No topic dominates conversation among people near and in retirement than Medicare. If you’re just entering Medicare or if you’ve had coverage for many years, it seems there is a never ending stream of news and opinions about the program. Many questions and opinions congregate around common themes, so in this article we’ll review the top 3 Medicare FAQs that are relevant to helping you get the most out of your coverage.
Top Medicare FAQ #1 – Is Medicare Supplement Better Than Medicare Advantage?
This is an especially important question for those who are entering Medicare for the first time. This is the initial choice most people have to make when they enter Medicare. Unfortunately, it’s not a decision that is equally weighted, for one simple reason: it’s easy to switch from Medicare Supplement Insurance to Medicare Advantage, but it can be very difficult or even impossible to switch from Medicare Advantage to Medicare Supplement. This means your decision to choose Medicare Advantage may be irreversible under certain circumstances.
So, which one is a better option? As you might guess, there’s not one simple answer that applies to everyone. We’ll look at some of the strengths and weaknesses of both types of coverage and then give you some guidelines to help you choose.
Benefits Of Medicare Supplement Insurance
Medicare Supplement Insurance tends to be very comprehensive, especially if you choose a standardized plan like Plan G or N. Either of these options will limit your out of pocket spending.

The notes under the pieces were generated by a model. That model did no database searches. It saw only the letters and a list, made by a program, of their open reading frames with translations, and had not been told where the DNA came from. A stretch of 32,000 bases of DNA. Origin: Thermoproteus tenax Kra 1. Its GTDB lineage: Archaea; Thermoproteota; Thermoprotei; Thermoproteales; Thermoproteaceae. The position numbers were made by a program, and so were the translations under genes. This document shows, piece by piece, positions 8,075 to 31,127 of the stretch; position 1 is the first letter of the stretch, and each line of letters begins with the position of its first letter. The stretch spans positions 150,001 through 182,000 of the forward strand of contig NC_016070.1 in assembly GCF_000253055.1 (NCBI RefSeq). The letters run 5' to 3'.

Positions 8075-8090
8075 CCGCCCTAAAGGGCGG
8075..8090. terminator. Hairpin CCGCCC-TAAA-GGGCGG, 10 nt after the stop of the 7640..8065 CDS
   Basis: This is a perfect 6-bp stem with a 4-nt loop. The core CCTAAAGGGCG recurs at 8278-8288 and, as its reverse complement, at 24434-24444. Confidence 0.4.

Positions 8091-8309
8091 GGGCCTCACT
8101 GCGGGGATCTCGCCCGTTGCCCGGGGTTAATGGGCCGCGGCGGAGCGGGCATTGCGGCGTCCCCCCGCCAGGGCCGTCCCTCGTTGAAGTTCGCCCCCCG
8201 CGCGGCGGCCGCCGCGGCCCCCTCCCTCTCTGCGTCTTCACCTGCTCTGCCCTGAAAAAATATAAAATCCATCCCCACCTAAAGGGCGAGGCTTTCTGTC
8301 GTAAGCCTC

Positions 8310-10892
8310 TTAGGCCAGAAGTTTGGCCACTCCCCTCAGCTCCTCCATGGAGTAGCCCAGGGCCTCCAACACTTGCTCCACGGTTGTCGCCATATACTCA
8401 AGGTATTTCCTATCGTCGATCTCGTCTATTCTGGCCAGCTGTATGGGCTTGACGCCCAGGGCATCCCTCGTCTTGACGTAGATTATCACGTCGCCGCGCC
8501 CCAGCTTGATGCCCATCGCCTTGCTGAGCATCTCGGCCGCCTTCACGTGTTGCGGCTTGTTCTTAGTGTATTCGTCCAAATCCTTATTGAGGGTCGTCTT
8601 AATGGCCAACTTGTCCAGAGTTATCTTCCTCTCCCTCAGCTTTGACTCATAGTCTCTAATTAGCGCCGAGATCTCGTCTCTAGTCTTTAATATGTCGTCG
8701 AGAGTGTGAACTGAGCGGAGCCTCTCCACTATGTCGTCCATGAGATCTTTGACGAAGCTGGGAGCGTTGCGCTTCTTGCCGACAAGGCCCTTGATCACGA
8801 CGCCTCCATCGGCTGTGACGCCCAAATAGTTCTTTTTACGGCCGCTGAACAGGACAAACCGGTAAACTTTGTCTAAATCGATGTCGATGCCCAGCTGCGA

Medicare Supplement coverage also allows for maximum flexibility when it comes to seeing physicians you care about. With this kind of coverage, there are no networks, and you generally won’t need referrals. You can see just about any provider that accepts Medicare, anywhere in the country. This may be the benefit most appreciated by those who choose this coverage.
Benefits Of Medicare Advantage
The biggest of benefit of Medicare Advantage, especially when compared to Medicare Supplement Insurance is cost – Medicare Advantage is usually much more affordable, especially given the number of $0 premium plans available.
Another huge benefit to Medicare Advantage is the availability of Extra Benefits. These are benefits that aren’t generally available from Medicare Supplement insurance. Some common Extra Benefits include:
These kinds of benefits are often included at no extra cost, which makes Medicare Advantage even more attractive.
Negatives Of Medicare Supplement Insurance
There are only two potential negatives with this coverage. The first is cost. The monthly premiums are generally much more expensive for Medicare Supplement Insurance in comparison to Medicare Advantage. Also, the premiums usually go up each year.